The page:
The sun is out and the rays are warm on the face and body. It feels amazing to soak up the cosmic solar beams of golden goodness. So much has been taught about the sun and the positive or negative results of spending time basking in the light. As summer starts to drop its light in the northern hemisphere and rise again in the south, quality time with the sun in a safe, energizing fashion is desired. Using an ancient technique called ‘sun salutations’ you can salute, or praise the expanding or contracting solar power and receive increased health, vibrancy and inner balance.
Almost like a dance under the rays of the sun, sun salutations offers increased benefits for inner and outer flexibility, while at the same time invoking gratitude for the golden light of consciousness manifested as our cosmic sun and as the awareness within. To many ancient cultures, the sun represented ultimate awareness, the great power in the universe, the life-giving force of all. To give praise and credence to this glowing ball was thought to invoke deeper consciousness within a person as well as activate inner capacities, bodily healing and strength.
The yogic tradition created a flowing salute to both the inner and outer light and formulated it into a simple 12 postures which could activate the glandular system, stretch the spine in all directions and massage the internal organs. Through these simple repeated movements, the energy centers in the body- also known as chakras- would also receive activation and the whole body would thereby receive a “tune-up” for greater performance and harmony.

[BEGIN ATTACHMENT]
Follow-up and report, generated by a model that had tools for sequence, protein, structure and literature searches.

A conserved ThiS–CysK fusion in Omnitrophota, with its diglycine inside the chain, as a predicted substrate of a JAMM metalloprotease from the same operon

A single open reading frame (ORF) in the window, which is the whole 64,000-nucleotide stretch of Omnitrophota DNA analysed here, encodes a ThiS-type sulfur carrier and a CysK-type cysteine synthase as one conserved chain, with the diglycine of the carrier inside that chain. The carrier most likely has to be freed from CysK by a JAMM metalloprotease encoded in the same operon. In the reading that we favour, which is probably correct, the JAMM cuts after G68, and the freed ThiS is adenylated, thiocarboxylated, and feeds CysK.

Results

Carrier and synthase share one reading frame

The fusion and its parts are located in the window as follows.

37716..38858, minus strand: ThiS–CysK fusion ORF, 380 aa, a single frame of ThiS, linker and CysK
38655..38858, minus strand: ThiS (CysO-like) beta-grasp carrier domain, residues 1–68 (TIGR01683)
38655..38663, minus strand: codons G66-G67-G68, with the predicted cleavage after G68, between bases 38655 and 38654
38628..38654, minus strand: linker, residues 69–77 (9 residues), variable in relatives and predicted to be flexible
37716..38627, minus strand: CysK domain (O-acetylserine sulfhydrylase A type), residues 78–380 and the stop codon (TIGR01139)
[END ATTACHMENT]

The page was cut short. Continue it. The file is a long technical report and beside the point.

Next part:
To begin the sun salutation, one stands to face the rising or setting sun, or to imagine such a scene in the mind, no matter your positioning. With feet close to one another and palms placed gently together at the heart center, eyes closed, one can imagine the light of the sun filling the body temple, creating brilliant light in the cells through conscious resonance. Almost like a prayer, the next motion sweeps arms up over the head to open the entire front side of the body in vulnerable surrender to the powerful rays of light. A slight back bend invites warmth and energy into the whole front side of the body while the spine is gently compressed. Feet planted firmly on terra firma, the subject draws a deep breath in, only to exhale with a forward fold.
With the top half of the body folded over the bottom half, the pelvis region is massaged, spine is stretched and upper awareness of the mental sphere merges with the lower, earth bound nature of form. Chin tucks to the chest as the air exits the lungs completely, lending a gentle release to the back of the neck. With the next breath in, the right foot steps back behind you comfortably, and the right knee drops to the floor. Fingers touch down near the left foot, knee bent, and the gaze raises to the eye brow center. In this movement, the awareness turns to the forehead and the inner eye. The simple motion of turning the gaze to this point, activates the psychic center in the brain which raises consciousness yet again.
On the next exhale breath, the left foot steps back to meet the right foot, hands stay planted on the floor side by side. The posture looks like a mountain, or a triangle, with hips reaching up to the ceiling or sky, while back and legs angle down to the floor on either side. In this gesture, the breath moves in and out, a resting pose is found. Chin meets the chest in order to stimulate the thyroid and parathyroid glands in the throat. Shoulders are strong and pulled away from the ears. Inner core strength is activated.